Also, there are two more books in the series, coming in early May and early June: In The Vampire Dimitri, we meet a tortured, brooding vampire who has come to strongly regret his bargain with Lucifer and who is trying, in vain, to break that bond. Too bad the woman he falls for is fascinated by his Draculean bent. And in The Vampire Narcise, we meet a damaged female vampire who believes that love isn’t for immortals—because nothing can last forever, especially for someone whose soul is not their own.
Thanks so much for having me here! I’m going to give away a copy of the second book in the series, The Vampire Dimitri, to a commenter today.
To enter to win, either ask me a relevant question about the series or writing, etc., and/or tell me...if you were a Dracule, what would your Asthenia be?
Thanks, Colleen. Can't wait to start this new series. You know how anxious I was to get my hands on each new Gardella book.
So, get to commenting, folks. :) There's a great new book up for grabs.
Wednesday, March 30, 2011
Tuesday, March 29, 2011
Sorry it's taken so long to get the winner posted for Julie James' visit. Blame the nasty sinus infection that's laid me low *grrr*.
Anyway, without further ado, the random number generator has done its thing and selected ...
Congratulations, Donna. Please send your snail mail details to me at email@example.com and I'll ensure Julie gets A Lot Like Love out to you asap.
And another YAY to our Golden Heart finalists VA and Nancy!!!
We had a lovely prize package of several books from our Rita finalists, so Aunty fired up ye olde Random Number Generator and...
Please send your snail mail addy to our Romance Bandits email so we can pass it along and you can receive your booty/books.
Thanks again to everyone who helped us celebrate.
I'm feeling quick & sassy today so I'm going to do a list blog. Yay! I'll admit I was inspired by Suz's awesome post yesterday about secondary characters. It got me thinking about things that'll set a book apart for me, really make it stand out in my mind.
Therefore, without further ado, I give you Susan's List of Things I Like in Novels but Rarely See Anymore. Enjoy!
1) Villains who aren't.
Aren't what, you ask? Aren't actually villains. Aren't evil. I love it when the bad guy is just really smart, really rich, really well motivated and wants--no, needs--the opposite of what my hero & heroine want/need. I love it when I don't have to hate the bad guy. In fact, I kinda like to like my bad guy if that makes any sense. Alan Rickman's Sheriff of Nottingham comes to mind. (Can I get an amen? As God is my witness, he was the only reason to sit through that whole movie, unless it was to drink every time Kevin Costner's accent went wonky.)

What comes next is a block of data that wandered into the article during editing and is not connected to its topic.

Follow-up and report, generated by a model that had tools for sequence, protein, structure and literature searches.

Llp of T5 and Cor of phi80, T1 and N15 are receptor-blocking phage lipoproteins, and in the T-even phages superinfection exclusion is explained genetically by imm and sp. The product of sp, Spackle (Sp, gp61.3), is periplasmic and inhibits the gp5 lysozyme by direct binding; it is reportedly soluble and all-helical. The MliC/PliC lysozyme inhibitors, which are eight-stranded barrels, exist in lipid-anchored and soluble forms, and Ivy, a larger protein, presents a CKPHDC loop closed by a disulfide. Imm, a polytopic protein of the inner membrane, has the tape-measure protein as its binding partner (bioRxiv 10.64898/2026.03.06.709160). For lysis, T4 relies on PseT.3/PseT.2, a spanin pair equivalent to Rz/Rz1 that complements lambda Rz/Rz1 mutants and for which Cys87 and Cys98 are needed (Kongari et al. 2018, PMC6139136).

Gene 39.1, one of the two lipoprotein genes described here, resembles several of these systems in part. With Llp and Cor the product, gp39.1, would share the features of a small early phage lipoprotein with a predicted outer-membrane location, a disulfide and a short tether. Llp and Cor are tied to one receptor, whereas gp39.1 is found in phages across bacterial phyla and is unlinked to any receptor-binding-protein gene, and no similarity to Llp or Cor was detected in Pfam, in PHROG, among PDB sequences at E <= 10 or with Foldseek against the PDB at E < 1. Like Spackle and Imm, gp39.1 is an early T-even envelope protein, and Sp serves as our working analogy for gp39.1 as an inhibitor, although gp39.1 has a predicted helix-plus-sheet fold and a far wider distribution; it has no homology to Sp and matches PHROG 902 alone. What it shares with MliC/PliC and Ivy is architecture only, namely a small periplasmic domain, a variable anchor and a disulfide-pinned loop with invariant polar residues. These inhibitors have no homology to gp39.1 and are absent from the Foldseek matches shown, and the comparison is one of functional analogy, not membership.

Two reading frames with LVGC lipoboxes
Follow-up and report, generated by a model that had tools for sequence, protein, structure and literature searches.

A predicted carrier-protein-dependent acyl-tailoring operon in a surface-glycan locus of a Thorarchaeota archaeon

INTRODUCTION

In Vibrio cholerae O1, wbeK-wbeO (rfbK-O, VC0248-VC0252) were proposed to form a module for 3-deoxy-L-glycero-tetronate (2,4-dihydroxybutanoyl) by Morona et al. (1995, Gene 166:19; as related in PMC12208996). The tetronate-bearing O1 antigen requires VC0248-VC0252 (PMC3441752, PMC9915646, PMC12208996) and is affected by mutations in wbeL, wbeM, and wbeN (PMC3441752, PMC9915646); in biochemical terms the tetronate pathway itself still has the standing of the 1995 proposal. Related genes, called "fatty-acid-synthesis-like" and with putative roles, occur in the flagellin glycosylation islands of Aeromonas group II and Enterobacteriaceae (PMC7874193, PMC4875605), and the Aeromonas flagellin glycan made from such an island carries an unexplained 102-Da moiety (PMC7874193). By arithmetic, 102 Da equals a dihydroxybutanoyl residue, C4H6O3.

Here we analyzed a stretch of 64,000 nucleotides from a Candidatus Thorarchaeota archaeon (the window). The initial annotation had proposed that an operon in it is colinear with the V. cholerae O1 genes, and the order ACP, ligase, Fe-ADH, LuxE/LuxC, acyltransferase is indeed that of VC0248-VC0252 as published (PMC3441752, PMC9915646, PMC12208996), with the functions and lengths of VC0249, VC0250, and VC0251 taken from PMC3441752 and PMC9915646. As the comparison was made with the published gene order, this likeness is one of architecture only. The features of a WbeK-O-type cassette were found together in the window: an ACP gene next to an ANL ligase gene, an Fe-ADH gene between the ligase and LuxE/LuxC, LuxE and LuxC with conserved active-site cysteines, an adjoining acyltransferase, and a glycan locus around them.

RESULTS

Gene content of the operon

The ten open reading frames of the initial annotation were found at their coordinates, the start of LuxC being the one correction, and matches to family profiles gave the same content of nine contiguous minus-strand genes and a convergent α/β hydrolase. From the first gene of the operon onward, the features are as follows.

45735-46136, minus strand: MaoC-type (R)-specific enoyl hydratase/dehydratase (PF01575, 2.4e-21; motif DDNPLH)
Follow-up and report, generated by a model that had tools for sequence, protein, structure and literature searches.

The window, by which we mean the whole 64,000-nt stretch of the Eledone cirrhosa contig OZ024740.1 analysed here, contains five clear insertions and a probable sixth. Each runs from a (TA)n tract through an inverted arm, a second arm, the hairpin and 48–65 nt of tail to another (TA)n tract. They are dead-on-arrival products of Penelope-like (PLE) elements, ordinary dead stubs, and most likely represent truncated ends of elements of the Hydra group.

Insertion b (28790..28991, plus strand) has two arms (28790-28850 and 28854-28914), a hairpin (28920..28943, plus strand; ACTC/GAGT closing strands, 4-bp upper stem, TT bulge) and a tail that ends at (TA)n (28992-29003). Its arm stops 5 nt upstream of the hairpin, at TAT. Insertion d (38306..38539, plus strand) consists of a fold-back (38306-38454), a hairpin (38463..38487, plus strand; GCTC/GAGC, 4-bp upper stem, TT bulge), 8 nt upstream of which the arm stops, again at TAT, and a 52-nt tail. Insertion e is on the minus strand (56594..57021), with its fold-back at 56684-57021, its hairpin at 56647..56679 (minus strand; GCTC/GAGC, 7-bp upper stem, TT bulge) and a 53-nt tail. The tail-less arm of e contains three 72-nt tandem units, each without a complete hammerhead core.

2) Generous internal monologue and gracious pacing.
Not that I don't enjoy a rip-snorting thriller, but I'm 3/4 of the way through Mary Balogh's "First Comes...." series about the Huxtable family & I'm struck time & again by how well she paints her characters' internal lives. As writers these days we're told time & again to pick up the pace, keep the action rolling, get out of our characters' heads. But Ms. Balogh has been treating me to something else entirely. She gives us a whole lot of people thinking, reflecting, pondering and brooding, & somehow I never feel anxious to get on with it. I find myself savoring her characters' slow tumble into love. That's skill, ladies & gentlemen, & something modern publishing doesn't put out a lot of anymore. So here's my shout out to you, Ms. Balogh. Keep it coming.
3) Grownup heroines.
This is not to say that most heroines are TSTL (that's Too Stupid To Live, for the acronym challenged among us.) Just that romance novels are all about growth, & if you're going to finish up as a mature, well-rounded individual with a decent shot at a HEA (that's Happy Ever After), you have to start, well, somewhere else, right? Which means when books open, the heroine has some work to do. Which means it's sometimes difficult not to have her doing, well, immature things & making bad choices. But last year at Nationals, I found WICKED BECOMES YOU by Meredith Duran in my goodie bag, & I gobbled this book up like kids gobble Easter candy. I rarely write to authors to express my profound admiration but I dropped Ms. Duran an email to tell her how very much I cherished her smart, grown-up heroine who admitted when she was wrong, acknowledged her shortcomings & made every effort to live an authentic life, right from the very start. And in a historical, no less, where female characters can get away with a certain sheltered innocence due to gender roles. That one book made me a fan for life.
So how about you? What sets a book apart for you? What makes it really stick in your mind & in your heart so you'll remember it years from now? And just to sweeten the pot, I'm going to give one lucky commenter an autographed copy of Tamara Hogan's TASTE ME, a debut novel I just read which showcases a fantastic example of a villain-who- isn't. It's a treat, I promise!
Sunday, March 27, 2011
No secret here, but I love to tinker in the kitchen. I especially like to try my hands at soups. Why? Because my husband LOVES soup. That man will eat soup everyday until the pot is empty.